Whether you have questions about Church history—"How could such-and-such happen?"—or much more personal questions—"Do I have a place in this Church?"—know that questions have power and can drive us closer to our Heavenly Father. After all, our Church began with a question from a 14-year-old boy. Many answers only come after we seek, wrestle, and search—why else would the scriptures be filled with the phrase "ask, and ye shall receive"? But the only way these questions can "pierce the veil and gain the help of heaven," as Sheri Dew puts it, is when we ask in faith and are willing to work to earn the answers. The mysteries of the kingdom of God cannot be opened if you don't already have a foundation of its basic principles. Become familiar with the Church's Gospel Topics Essays, search the scriptures, scour lds.org, and speak with family, friends, or new acquaintances who understand your experience.

As Sheri Dew explains in her book Worth the Wrestle:

"Elder Neal A. Maxwell said it this way: 'We should not assume . . . that just because something is unexplainable by us it is unexplainable.' The Lord has promised to open the 'eyes of our understandings' and to 'reveal all mysteries' (D&C 76:19, 7). But He isn’t likely to do either of these unless we seek to know. He will not force us to progress.
"No wonder the Lord wants us to ask every probing question we can muster. . . .
"The Lord needs men and women who know how to get answers. Men and women who aren’t easily deceived and whose testimonies aren’t shaken by someone with carefully crafted talking points. Men and women whose faith isn’t threatened when they don’t have all the answers and can’t always effectively respond to alternate points of view. Men and women who have had witness after witness that Jesus is the Christ and that His gospel has been restored—so that when circumstances confuse or discourage them, they turn toward the Savior rather than away from Him. And men and women who are secure enough in their own testimonies that they can help others who are struggling to find their way. He needs men and women who are willing to engage in the wrestle."

5. Motherhood is about so much more than having children.

“That was the choice Eve made. It’s one we all must make." I heard these words in a seminar filled with powerful women in the Church who served as international business leaders; general Relief Society, Primary, and Young Women presidents; mothers; and humanitarians. They were talking about the sacrifices they made to raise families.

Eve has long been a role model of mine. She was not only a “noble and great one” of our Heavenly Father and Mother’s children, she was crowned with glory, a leader and shaper. It was she who had the strength, courage, and fortitude to choose a life of mortality and a life of perpetual creation and unlimited potential and power.

But Eve had to give up Eden to become the “Mother of all living” and gain an eternal family. But Eve didn't accomplish that merely through bearing children. Eve was a creator, a provider, a master teacher, an innovator, a guardian, and so much more. Motherhood isn't measured by our ability to have children—it is measured in how we sacrifice, uplift, and create better lives and worlds for others, as our Savior did. This vision is embodied in the role of our Heavenly Mother—a goddess of glory, power, divinity, light, and multifaceted roles who loves us unconditionally. She is a Shaper, Mover, Creator, Lover, Mentor, Mother, and so much more—and so are we.

► You'll also like: 14 Myths and Truths We Know About Our Heavenly Mother

None of us will have the families we envisioned. Whether we're infertile, single, sisters, aunts, friends, stepmoms, adoptive moms, single moms, etc., motherhood will not turn out how we anticipated, which is why we need to expand our view and realize, as Sheri Dew teaches:

"Motherhood is more than bearing children, though it is certainly that. It is the essence of who we are as women. It defines our very identity, our divine stature and nature, and the unique traits our Father gave us.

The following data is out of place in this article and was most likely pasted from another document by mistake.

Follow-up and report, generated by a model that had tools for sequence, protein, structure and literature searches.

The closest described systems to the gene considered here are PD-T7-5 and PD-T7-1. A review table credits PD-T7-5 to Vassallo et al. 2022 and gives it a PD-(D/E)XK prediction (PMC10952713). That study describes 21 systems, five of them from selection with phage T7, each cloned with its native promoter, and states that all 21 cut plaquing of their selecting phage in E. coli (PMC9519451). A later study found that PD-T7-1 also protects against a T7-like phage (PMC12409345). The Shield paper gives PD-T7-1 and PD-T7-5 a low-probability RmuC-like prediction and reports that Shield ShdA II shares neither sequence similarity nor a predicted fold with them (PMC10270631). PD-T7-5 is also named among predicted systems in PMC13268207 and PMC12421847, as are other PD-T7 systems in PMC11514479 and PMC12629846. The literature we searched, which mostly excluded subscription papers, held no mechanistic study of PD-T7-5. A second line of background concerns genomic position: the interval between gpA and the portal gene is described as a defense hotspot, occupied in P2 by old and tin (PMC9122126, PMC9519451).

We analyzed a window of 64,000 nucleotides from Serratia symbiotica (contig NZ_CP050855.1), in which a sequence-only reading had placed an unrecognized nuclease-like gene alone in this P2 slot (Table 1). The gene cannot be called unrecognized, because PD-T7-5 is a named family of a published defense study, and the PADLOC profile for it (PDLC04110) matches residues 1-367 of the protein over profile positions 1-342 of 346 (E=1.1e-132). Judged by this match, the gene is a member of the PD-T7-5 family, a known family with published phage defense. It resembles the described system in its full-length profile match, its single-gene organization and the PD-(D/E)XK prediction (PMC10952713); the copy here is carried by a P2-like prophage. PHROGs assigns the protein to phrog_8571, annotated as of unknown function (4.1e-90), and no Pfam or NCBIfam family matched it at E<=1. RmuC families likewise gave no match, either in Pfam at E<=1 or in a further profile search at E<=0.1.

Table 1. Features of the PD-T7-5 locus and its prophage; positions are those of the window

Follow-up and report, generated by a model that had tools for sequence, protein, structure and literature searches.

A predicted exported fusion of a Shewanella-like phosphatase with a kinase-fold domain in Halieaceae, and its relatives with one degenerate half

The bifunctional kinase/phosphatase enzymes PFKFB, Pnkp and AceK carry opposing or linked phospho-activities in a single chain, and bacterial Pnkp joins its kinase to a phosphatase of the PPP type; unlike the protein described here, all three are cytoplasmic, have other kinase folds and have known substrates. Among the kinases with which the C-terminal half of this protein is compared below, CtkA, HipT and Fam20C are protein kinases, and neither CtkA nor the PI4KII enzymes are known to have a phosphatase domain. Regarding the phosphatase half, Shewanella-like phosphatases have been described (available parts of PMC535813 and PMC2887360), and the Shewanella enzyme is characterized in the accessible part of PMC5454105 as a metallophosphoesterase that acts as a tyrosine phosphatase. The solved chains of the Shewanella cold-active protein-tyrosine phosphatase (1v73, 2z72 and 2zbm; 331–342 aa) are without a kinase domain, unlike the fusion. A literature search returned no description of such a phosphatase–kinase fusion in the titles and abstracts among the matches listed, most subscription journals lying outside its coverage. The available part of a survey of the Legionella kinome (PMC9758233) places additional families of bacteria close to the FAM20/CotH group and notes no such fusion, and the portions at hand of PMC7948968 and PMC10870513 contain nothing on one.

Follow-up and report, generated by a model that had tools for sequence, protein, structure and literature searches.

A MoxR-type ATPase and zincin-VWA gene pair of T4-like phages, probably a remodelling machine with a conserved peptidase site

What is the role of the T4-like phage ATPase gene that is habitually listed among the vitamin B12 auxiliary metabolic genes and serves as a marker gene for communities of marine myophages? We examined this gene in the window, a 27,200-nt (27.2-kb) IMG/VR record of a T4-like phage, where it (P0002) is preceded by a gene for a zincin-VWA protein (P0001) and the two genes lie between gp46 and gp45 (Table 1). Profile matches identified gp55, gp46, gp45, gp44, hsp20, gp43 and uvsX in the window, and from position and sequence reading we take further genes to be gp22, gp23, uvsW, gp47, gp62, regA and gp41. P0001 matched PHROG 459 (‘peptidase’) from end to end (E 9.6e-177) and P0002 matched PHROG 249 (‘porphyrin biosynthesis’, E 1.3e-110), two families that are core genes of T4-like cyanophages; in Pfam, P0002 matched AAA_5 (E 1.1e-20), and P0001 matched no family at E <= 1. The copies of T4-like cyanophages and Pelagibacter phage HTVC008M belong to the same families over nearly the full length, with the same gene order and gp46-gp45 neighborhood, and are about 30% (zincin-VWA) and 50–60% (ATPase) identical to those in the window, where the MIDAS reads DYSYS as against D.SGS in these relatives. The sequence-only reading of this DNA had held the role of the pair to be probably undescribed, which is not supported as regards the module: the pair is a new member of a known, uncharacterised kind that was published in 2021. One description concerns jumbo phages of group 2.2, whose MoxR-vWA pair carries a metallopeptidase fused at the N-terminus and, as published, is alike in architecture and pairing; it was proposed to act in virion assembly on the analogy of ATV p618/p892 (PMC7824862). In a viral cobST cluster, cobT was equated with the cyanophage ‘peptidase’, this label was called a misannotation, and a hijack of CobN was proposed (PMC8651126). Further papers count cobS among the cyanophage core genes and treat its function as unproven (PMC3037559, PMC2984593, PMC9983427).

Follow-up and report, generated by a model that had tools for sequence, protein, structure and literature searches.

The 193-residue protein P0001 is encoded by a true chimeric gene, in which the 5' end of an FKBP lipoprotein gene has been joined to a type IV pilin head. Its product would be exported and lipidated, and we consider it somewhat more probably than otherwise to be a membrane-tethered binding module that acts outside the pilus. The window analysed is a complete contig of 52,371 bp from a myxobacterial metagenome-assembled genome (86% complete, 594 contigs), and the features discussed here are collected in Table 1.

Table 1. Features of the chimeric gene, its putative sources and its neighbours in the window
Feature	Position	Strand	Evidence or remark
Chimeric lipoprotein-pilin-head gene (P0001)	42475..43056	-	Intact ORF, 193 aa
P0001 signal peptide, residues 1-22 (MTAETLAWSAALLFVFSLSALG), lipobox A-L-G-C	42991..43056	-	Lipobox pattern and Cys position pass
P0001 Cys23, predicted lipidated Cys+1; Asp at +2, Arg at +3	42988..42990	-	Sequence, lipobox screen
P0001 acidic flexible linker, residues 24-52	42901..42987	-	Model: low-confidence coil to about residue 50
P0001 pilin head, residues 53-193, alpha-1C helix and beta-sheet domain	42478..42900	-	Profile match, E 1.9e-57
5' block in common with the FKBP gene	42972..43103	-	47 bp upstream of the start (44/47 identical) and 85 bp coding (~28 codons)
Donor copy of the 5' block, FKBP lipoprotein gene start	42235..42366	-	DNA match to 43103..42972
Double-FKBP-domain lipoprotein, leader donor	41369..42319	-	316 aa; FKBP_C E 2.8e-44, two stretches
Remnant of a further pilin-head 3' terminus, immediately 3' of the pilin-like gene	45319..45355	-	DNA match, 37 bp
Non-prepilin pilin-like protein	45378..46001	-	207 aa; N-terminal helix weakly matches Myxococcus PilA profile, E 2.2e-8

"President Gordon B. Hinckley stated that 'God planted within women something divine.' That something is the gift and the gifts of motherhood. Elder Matthew Cowley taught that 'men have to have something given to them [in mortality] to make them saviors of men, but not mothers, not women. [They] are born with an inherent right, an inherent authority, to be the saviors of human souls . . . and the regenerating force in the lives of God’s children.'
"Motherhood is not what was left over after our Father blessed His sons with priesthood ordination. It was the most ennobling endowment He could give His daughters, a sacred trust that gave women an unparalleled role in helping His children keep their second estate."

6. Your body should be your best friend. Treat it that way.

Your body is yours, and it will be for the rest of your life and through eternity. I know comparisons are tempting, I know media is bombarding, and I know seeking perfection is tantalizing. But don't. Just don't.

I wish I could say you reach a magical age when you wake up and feel comfortable in your own body and love yourself unconditionally. But that doesn't happen—not unless you work for it.

If you want to feel comfortable in your own body, you need to recognize it as your best friend. Develop an honest and true relationship. Would you constantly criticize and tear down your best friend? Would you starve, cut, manipulate, and distort your best friend, merely to make yourself feel better? Then stop acting this way toward your body. Like any relationship, you need to find ways to listen to your body. Eat and rest and exercise and sleep when your body tells you what it needs. Consciously compliment your body each day, be grateful for all it allows you to do, and own your unique beauty.

Remember the glorious things your body does for you. Every moment your heart beats, your lungs fill with air, and your body is filled with sensation that allows you to accomplish everything you now have or will yet do in this life. Your body brings you closer to our Heavenly Father and Heavenly Mother, allowing you to better understand what They know and experience through their immortal, divine bodies. Because of your body, you can obtain celestial glory and power, create life, and one day create worlds. That is a power Satan will never possess, and because of that, he will do all in his power to distort your relationship with your body and create resentment and loathing for this most glorious gift of God. Don't let him. Even though we may be imperfect now, our bodies are divine. Love yours and let it teach you about love, connection, and the glorious possibilities of eternity.

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Q&A

Do your teens have questions? Most do! In Q&A they’ll find the meaningful, relatable answers for many of their most pressing questions, all in one book! Drawing from the most popular questions of Why?, How?, and The Big Picture—and adding some timely new questions about current issues—John Hilton III and Tony Sweat help youth understand the doctrinal “whys” that reinforce the teachings found in For the Strength of Youth. Then they share the “hows” and “whats” to help youth live the gospel in today’s world. With an eye-catching graphic style, this new paperback format is fun and engaging for today’s LDS teens.